He Did It First, But Did He Do It The Best?

The Guerreros may have been doing moonsaults since the ’70s, but it was The Great Muta and “Leaping” Lanny Poffo who really popularized the move in the ’80s, and of course many high-fliers have perfected it since. Personally, for pure “oh God, somebody’s going to die” terror, I’ve always been a fan of Vader’s ‘sault.

John Laurinaitis (Cutter)

Yes, Mr. Charisma himself, John Laurinaitis is the creator of one of the most dynamic and exciting moves in wrestling history. Of course, before Laurinaitis was the the dork in a suit we know today, he was Johnny Ace, a dork with an epic mullet who tore it up in hard-hitting five-star matches with every Japanese legend you can name. Appropriately, his Ace Crusher wasn’t nearly as dramatic of Randy Orton’s RKO, but it’s unmistakably the same basic move.

He Did It First, But Did He Do It The Best?

When it came to in-ring stuff, Big Johnny did a lot of things pretty damn well, but guys like DDP and Randy Orton elevated the outta nowhere cutter to the level of high art.

Buddy Rogers (Figure-Four Leglock)

The guy your grandpa was wooo-ing at.

While most know it as Ric Flair’s patented move today, it was the original Nature Boy, Buddy Rogers, who created the definitive pro wrestling submission hold, the figure-four leglock. If Buddy Rogers isn’t the greatest pro wrestler of all-time, he’s certainly got a permanent spot in the top five. He created the most indelible pro wrestling character of all-time, and basically created the action, drama (and wackiness)-packed style of pro wrestling we know today.

He Did It First, But Did He Do It The Best?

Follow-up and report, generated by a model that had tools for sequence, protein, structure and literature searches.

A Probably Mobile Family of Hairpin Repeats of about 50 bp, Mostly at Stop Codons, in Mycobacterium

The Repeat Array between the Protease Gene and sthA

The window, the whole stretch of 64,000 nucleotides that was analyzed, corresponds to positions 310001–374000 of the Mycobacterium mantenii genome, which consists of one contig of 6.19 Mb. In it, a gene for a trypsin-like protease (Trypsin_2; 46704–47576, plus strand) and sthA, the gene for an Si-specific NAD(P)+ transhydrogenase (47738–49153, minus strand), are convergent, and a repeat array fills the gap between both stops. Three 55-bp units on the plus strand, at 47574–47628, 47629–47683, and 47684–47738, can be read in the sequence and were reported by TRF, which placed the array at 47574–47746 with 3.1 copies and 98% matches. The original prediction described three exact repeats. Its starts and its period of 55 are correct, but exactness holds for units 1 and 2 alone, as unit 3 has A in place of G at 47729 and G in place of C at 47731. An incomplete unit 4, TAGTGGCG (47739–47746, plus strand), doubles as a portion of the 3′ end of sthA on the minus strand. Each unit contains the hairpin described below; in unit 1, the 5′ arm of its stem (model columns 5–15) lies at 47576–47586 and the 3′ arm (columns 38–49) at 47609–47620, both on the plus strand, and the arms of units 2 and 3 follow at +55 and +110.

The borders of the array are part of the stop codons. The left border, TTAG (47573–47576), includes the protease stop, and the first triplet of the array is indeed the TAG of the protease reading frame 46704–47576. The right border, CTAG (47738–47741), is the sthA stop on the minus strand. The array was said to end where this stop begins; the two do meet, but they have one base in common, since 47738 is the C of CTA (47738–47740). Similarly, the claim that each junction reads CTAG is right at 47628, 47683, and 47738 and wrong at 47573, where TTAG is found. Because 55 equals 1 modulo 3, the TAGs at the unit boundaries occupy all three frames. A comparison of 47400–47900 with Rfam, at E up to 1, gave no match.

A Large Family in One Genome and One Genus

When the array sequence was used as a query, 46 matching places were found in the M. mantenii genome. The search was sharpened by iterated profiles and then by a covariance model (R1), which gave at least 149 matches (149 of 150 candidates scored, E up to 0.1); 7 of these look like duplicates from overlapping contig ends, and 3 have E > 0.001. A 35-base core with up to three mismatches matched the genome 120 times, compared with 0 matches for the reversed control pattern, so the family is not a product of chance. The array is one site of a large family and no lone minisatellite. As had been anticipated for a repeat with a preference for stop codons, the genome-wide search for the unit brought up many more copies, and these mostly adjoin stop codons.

This one’s a hair-splitter. If there’s one guy who could challenge Buddy Rogers for the title of best pro wrestler of all-time, it’s Ric Flair. In the end, I’m giving it to Rogers because, as Ric Flair himself will point out, he didn’t actually win with the figure-four all that often, while Rogers regularly put his opponents away with it.

“Jumping” Joe Savoldi (Dropkick)

Above: Jumping Joe dumping a guy outside with dropkicks, then blasting the ref in the face in a match from 1935. Depression era wrestling was crazier than you thought. 

Yes, even something as simple as a dropkick has to be invented by somebody, and that somebody was “Jumping” Joe Savoldi, one of the earliest pro-footballers to get into the wrasslin’ game. Savoldi made his wrestling debut in 1931, and wowed crowds with his athletic ability and his then-groundbreaking “flying dropkick.” Another wrestler, Abe Coleman, also claims to have created the dropkick, but his move was more of a running kick to the midsection. Savoldi’s high, standing kick was more in line with what we think of as a dropkick today.

He Did It First, But Did He Do It The Best?

Well, literally thousands of men and women have thrown dropkicks since Jumping Joe first started kicking guys in the face. At least a few of those thousands have to have had a better dropkick than Savoldi. But hey, we can say a good amount of certainty that Savoldi’s dropkick was at least better than John Cena’s.

So, there you have it, 10 wrestlers who created the moves that make up about 75 percent of every pro wrestling match to this day. Have any favorite pro wrestling innovators you think should have been included on this list? Think I was making the wrong calls in the “Did he do it best?” section? Let’s hash it out in the comments.

via Professional Wrestling Hall of Fame, WWE, “Gentleman” Chris Adams bio, SoCal Uncensored & Slam! Wrestling